It's always amusing when the RNC says jump, to see how high the Wall Street Journal Op-Ed page will elevate. This morning's lead editorial, typed right from RNC talking points, rushes to Karl Rove's defense. Turns out he was not acting as a partisan when spreading classified gossip about Joseph Wilson's wife. Instead, he was a hero for speaking the truth, the real "whistleblower" in this saga. It's a classic example of the Journal leaping on demand.
Here's the paper's rationale: "[Rove's] the one who warned Time's Matthew Cooper and other reporters to be wary of Mr. Wilson's credibility. He's the one who told the press the truth that Mr. Wilson had been recommended for the CIA consulting gig by his wife." [Emphasis added.]
Slight problem--that's not what Rove told Cooper. According to Cooper's now famous July 11, 2003 email, written after speaking with Rove, Bush's closest aide told Cooper that Wilson's wife at the CIA had "authorized" the trip to Niger, not the Journal's gentler "recommended." There's a big difference. Even a Senate Intelligence Committee report released last summer, which the Journal quotes as gospel on the subject, concluded that at best Wilson's wife "suggested" him for the diplomatic trip. She had no authorizing power over the mission. So why did Rove tell Cooper the opposite, and shouldn't the Journal acknowledge the misinformation Rove was spreading, rather than trying to cover it up?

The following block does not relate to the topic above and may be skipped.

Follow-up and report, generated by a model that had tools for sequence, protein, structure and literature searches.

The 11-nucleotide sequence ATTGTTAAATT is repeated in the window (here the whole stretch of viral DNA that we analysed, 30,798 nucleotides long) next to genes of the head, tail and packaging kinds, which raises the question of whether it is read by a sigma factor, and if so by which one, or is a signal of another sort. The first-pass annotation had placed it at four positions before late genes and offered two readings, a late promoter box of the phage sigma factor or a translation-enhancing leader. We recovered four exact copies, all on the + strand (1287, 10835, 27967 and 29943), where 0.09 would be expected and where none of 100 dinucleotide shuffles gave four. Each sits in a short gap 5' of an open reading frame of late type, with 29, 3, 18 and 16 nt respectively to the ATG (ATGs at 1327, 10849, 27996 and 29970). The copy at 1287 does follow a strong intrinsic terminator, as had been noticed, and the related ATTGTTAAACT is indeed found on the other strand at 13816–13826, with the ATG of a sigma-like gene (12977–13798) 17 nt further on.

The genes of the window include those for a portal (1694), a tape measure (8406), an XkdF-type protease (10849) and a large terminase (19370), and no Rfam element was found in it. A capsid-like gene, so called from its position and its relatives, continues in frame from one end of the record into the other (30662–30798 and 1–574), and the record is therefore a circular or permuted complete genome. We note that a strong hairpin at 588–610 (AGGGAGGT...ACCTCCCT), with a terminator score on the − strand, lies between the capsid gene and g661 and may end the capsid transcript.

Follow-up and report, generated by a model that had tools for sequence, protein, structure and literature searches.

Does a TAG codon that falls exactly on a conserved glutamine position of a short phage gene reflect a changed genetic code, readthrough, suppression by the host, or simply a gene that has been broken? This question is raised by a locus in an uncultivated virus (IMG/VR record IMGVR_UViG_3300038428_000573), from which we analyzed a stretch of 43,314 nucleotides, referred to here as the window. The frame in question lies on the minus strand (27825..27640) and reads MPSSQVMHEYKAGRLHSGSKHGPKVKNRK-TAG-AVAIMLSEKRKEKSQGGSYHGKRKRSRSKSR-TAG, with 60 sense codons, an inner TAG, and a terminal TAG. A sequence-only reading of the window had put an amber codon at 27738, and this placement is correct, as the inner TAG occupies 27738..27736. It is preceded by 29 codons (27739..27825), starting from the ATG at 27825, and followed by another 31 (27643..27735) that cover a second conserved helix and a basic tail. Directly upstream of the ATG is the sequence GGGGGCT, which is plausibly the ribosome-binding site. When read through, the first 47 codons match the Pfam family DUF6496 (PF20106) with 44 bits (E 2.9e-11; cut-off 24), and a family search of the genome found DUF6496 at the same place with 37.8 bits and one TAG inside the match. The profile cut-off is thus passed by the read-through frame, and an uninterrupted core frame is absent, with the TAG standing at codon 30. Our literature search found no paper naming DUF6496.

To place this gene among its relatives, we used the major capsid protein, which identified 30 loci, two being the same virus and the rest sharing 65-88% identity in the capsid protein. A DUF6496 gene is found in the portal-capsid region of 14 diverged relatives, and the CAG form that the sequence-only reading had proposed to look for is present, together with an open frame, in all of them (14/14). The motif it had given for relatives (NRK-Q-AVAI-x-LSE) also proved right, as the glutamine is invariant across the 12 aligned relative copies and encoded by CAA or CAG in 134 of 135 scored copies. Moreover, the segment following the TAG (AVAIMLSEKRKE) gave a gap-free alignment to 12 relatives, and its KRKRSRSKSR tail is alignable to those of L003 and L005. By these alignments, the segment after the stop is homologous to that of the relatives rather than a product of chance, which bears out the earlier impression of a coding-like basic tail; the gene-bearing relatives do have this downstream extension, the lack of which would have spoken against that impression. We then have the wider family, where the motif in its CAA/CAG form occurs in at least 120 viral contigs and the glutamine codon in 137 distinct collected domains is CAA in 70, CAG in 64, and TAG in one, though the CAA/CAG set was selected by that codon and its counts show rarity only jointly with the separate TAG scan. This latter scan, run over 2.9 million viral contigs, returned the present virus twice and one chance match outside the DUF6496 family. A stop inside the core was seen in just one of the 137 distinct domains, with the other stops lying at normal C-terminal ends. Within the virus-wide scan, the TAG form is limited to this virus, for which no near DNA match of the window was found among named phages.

As for the glaring contradiction of White House spokesman Scott McClellan in 2003 stating categorically that Rove had absolutely nothing to do with the Wilson controversy, and that the mere suggestion he did was "ridiculous," the Journal couldn't care less, ignoring the matter all together.
Instead, the same editorial page that for eight years thundered about Democratic administration obfuscations now sheepishly looks the other way when Republicans in the White House are caught unleashing whoppers.